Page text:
Doctor Who is legendary as a long-running sci-fi series, and the show has all the convoluted continuity you’d expect from a show about to celebrate its 50th anniversary. That special day will be commemorated next week with a new special episode, called The Day of the Doctor. But it is preceded today by The Night of the Doctor, a six-minute short that sets up a very important part of the storyline.
Even if you don’t know Doctor Who this is a neat short. If you do know the show — I mean if you really know and follow the series, going back years — this will act as total continuity porn, because it ties up a long-running mystery embedded between incarnations of the series. Watch it below, and stick around for a thorough explanation of just what the hell is going on here. Read More »
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Briefly: One of the next big fantasy projects to hit TV screens is rooted in a story that is hundreds of years old. SyFy is developing a new Beowulf show, based on the epic poem that tells of a hero, Beowulf, who helps out the Danish king with a little monster problem. The monster, of course, is Grendel, and after his initial battles with Grendel, the beast’s mother also becomes a problem. There’s also the minor matter of a dragon that Beowulf must face years later.
We know the story well, and have seen it on screen several times. (The pic above is from the mo-cap version by Robert Zemeckis.) SyFy describes the show only as “Adaptation of the classic epic poem that further examines the hero’s rise to power and his feud with the monster Grendel.”
Matt Greenberg (1408, Reign of Fire) is scripting and will exec produce, says EW, with Brian Hamilton, Michael Chechik, Andrew Cosby and Paulo de Oliveira also exec producing.
Posted on Thursday, November 14th, 2013 by Angie Han
George A. Romero gave birth to the modern zombie with 1968′s Night of the Living Dead, and at present the most popular example of that horror subgenre is The Walking Dead. A Romero-directed episode of the AMC series, then, seems like a natural fit. But sorry, gore junkies, Romero just isn’t interested.
In a recent interview, Romero revealed that he’d actually been approached to work on the horror show, but declined because he didn’t think The Walking Dead focused enough on the zombies. Read his comments after the jump.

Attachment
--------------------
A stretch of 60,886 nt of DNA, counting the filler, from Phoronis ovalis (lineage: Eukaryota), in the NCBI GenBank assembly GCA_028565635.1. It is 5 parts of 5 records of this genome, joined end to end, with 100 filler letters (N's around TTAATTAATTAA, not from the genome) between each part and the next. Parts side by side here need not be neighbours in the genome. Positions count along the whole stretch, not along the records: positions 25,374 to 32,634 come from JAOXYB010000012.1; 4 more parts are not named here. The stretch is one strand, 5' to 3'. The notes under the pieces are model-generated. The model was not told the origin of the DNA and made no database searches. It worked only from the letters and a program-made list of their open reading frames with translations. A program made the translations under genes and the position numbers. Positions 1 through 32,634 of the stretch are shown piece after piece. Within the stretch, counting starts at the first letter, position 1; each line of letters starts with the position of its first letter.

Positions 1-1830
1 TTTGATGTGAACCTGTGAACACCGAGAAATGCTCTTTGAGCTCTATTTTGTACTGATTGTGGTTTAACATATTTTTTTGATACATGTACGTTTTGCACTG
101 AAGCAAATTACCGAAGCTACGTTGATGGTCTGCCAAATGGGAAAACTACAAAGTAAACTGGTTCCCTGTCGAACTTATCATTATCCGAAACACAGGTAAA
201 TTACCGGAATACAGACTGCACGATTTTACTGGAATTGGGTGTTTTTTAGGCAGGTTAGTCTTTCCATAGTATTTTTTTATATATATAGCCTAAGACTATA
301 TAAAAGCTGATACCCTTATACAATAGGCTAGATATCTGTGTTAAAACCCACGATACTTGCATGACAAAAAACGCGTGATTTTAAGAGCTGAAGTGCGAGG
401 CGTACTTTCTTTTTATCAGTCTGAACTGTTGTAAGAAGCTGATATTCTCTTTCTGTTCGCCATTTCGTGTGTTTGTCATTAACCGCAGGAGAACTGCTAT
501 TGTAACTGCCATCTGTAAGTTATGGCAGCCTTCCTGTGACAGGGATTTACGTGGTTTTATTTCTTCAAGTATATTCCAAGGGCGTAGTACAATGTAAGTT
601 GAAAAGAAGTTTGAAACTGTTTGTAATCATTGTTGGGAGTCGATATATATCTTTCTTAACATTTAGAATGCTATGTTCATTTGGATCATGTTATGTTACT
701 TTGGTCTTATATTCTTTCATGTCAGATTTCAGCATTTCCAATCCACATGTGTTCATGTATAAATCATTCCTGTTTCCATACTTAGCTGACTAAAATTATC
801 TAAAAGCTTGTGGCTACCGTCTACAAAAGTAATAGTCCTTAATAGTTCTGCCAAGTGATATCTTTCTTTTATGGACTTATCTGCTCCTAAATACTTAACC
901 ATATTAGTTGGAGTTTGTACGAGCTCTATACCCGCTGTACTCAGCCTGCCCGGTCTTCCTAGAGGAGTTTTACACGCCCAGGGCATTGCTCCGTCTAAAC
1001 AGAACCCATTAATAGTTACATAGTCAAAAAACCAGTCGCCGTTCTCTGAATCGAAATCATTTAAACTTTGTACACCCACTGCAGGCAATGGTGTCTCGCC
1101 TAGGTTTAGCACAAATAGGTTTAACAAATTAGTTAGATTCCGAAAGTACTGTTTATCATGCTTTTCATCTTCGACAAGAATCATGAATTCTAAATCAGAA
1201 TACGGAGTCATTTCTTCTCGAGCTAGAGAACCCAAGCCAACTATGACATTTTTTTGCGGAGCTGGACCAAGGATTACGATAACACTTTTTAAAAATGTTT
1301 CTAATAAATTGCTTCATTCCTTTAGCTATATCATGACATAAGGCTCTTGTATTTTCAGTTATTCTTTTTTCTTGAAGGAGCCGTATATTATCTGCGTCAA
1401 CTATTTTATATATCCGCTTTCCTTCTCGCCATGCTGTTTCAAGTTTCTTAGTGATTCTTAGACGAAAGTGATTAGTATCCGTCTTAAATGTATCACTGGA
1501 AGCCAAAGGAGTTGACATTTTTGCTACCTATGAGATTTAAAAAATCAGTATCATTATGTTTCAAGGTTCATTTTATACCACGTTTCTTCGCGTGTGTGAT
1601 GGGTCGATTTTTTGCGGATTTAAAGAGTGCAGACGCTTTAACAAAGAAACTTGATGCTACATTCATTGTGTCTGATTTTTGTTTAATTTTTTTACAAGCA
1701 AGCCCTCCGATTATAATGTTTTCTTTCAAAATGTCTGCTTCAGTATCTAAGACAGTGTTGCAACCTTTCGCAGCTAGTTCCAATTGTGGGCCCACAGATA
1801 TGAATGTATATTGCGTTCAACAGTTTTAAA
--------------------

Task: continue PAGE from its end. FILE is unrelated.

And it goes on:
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Posted on Wednesday, November 13th, 2013 by Angie Han
The CW is already home to superheroes, vampires, aliens, and, uh, tomorrow people, whatever those are. Now the genre-friendly network is adding a whole bunch of other things that go bump in the night to their lineup.
Star Trek scribes Alex Kurtzman and Roberto Orci are teaming with Locke & Key writer Joe Hill to reboot Tales From the Darkside, the horror anthology series created by George A. Romero in the ’80s. Hit the jump for more details on their new take.
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Briefly: Melissa Rosenberg, who was a writer/producer/showrunner on Dexter during the good years (she left after season four) and who wrote all the Twilight films, was once set to oversee a show called AKA Jessica Jones for ABC. The show would have been based on the superhero turned investigator character Jessica Jones from the Marvel Universe, as seen in the comic series Alias (no relation to the TV show) and Pulse. That was back in 2010, well before Marvel’s TV plans really came together.
Now Marvel’s TV plans are most definitely together, and Jessica Jones (along with Daredevil, Luke Cage, and Iron Fist) is among the shows slated to debut on Netflix in 2015, leading up to The Defenders mini-series. And, surprise surprise, Melissa Rosenberg will be overseeing the show. Read More »
Briefly: It took almost a quarter century, but Paramount is finally getting around to remaking the hit 1990 film, Ghost. However, it won’t be for the big screen, it’ll be for television. Writers Akiva Goldsman and Jeff Pinkner (who worked together on Fringe) are attached to adapt the film, which is about a murder victim who attempts to solve the crime, and reconnect with his girl, as a ghost. No network is attached and only a pilot is in the works.
The original film starred Demi Moore, Patrick Swayze and Whoopi Goldberg. Directed by Jerry Zucker, it won 2 Oscars and was the number two highest grossing film of the year, making over $215 million. [Variety]
The first name attached to Marvel’s Netflix shows has been revealed. It’s Drew Goddard, director and co-writer of The Cabin in the Woods. He’s in negotiations to write the series based on the blind superhero Daredevil. Read More »
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Posted on Tuesday, November 12th, 2013 by Angie Han
Briefly: The Crawleys will survive to fight another day. Downton Abbey has been renewed for a fifth season, as announced by PBS, several weeks before Season 4 even premieres in the U.S. “As American audiences ready themselves for the January 5th premiere of Season 4, our devoted Downton fans will rest easy knowing that a fifth season is on the way,” said Masterpiece executive producer Rebecca Eaton.
In the U.K., the fourth season (sorry, that’s “series” for you Brits) concluded this past weekend. It was the highest-rated TV drama of the year, drawing nearly 12 million viewers on average. There aren’t many upsides to the fact that our friends across the pond get the episodes months before we do, but the fact that we don’t have to worry about whether the show will get renewed is one.
Downton Abbey‘s 2013 Christmas Special will air in the U.K. next month. Season 4 kicks off January 5 in the U.S.